Heating or any ignition source may cause violent combustion or explosion. Ammonium nitrate reacts with combustible and reducing materials as it is a strong oxidant. Although it is mainly used for fertilizer, it can be used for explosives. It was sometimes used to blast away earth to make farm ponds. Ammonium nitrate is also used to modify the detonation rate of other explosives, such as trinitrotoluene in the form of amatol.
Numerous safety guidelines are available for storing and handling ammonium nitrate. It should not be stored near combustible substances. Ammonium nitrate is incompatible with certain substances such as chlorates, mineral acids and metal sulfides, contact with which can lead to vigorous or even violent decomposition.
Ammonium nitrate has a critical relative humidity of 59.4%, above which it will absorb moisture from the atmosphere. Therefore, it is important to store ammonium nitrate in a tightly sealed container. Otherwise, it can coalesce into a large, solid mass. Ammonium nitrate can absorb enough moisture to liquefy. Blending ammonium nitrate with certain other fertilizers can lower the critical relative humidity.
The potential for use of the material as an explosive has prompted regulatory measures. For example, in Australia, the Dangerous Goods Regulations came into effect in August 2005 to enforce licensing in dealing with such substances. Licenses are granted only to applicants (industry) with appropriate security measures in place to prevent any misuse. Additional uses such as education and research purposes may also be considered, but individual use will not. Employees of those with licenses to deal with the substance are still required to be supervised by authorized personnel and are required to pass a security and national police check before a license may be granted.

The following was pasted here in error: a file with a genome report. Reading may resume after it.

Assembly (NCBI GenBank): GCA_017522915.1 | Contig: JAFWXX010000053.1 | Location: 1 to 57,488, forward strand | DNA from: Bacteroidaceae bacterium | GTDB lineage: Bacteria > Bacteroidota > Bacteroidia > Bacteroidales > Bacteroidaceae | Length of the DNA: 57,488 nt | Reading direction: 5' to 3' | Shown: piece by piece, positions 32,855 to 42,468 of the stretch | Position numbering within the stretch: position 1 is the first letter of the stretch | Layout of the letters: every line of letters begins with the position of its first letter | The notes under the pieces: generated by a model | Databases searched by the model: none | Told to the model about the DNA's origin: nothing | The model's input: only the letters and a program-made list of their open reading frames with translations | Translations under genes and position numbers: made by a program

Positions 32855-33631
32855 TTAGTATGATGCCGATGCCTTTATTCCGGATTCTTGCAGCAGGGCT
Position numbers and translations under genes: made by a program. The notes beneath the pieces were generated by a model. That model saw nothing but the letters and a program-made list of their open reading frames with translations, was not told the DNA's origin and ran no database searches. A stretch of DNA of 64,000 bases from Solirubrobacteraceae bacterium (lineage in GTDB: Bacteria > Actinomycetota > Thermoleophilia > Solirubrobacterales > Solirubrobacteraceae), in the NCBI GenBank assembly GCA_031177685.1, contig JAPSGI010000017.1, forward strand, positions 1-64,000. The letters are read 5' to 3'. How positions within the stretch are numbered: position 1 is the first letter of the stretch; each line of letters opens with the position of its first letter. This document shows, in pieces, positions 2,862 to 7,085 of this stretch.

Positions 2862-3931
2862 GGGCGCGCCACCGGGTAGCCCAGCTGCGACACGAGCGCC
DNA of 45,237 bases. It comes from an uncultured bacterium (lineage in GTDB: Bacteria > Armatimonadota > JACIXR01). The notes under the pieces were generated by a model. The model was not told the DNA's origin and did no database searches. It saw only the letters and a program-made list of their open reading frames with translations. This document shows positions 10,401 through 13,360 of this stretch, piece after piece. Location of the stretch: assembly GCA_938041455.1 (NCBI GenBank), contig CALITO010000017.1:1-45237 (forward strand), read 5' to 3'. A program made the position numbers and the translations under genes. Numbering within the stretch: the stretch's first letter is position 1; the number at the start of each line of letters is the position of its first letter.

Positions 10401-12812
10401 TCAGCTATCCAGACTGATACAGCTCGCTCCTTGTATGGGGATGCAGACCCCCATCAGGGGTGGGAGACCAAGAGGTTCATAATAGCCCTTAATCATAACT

Health and safety data are shown on the material safety data sheets, which are available from suppliers and can be found on the internet.
Ammonium nitrate is not very hazardous to health and is usually used in fertilizer products.
Ammonium nitrate has an LD50 of 2217 mg/kg, which for comparison is about two-thirds that of table salt.
Ammonium nitrate decomposes into the gases nitrous oxide and water vapor when heated (not an explosive reaction); however, it can be induced to decompose explosively by detonation. Large stockpiles of the material can be a major fire risk due to their supporting oxidation, and may also detonate, as happened in the Texas City disaster of 1947, which led to major changes in the regulations for storage and handling.
Two major classes of incidents resulting in explosions are: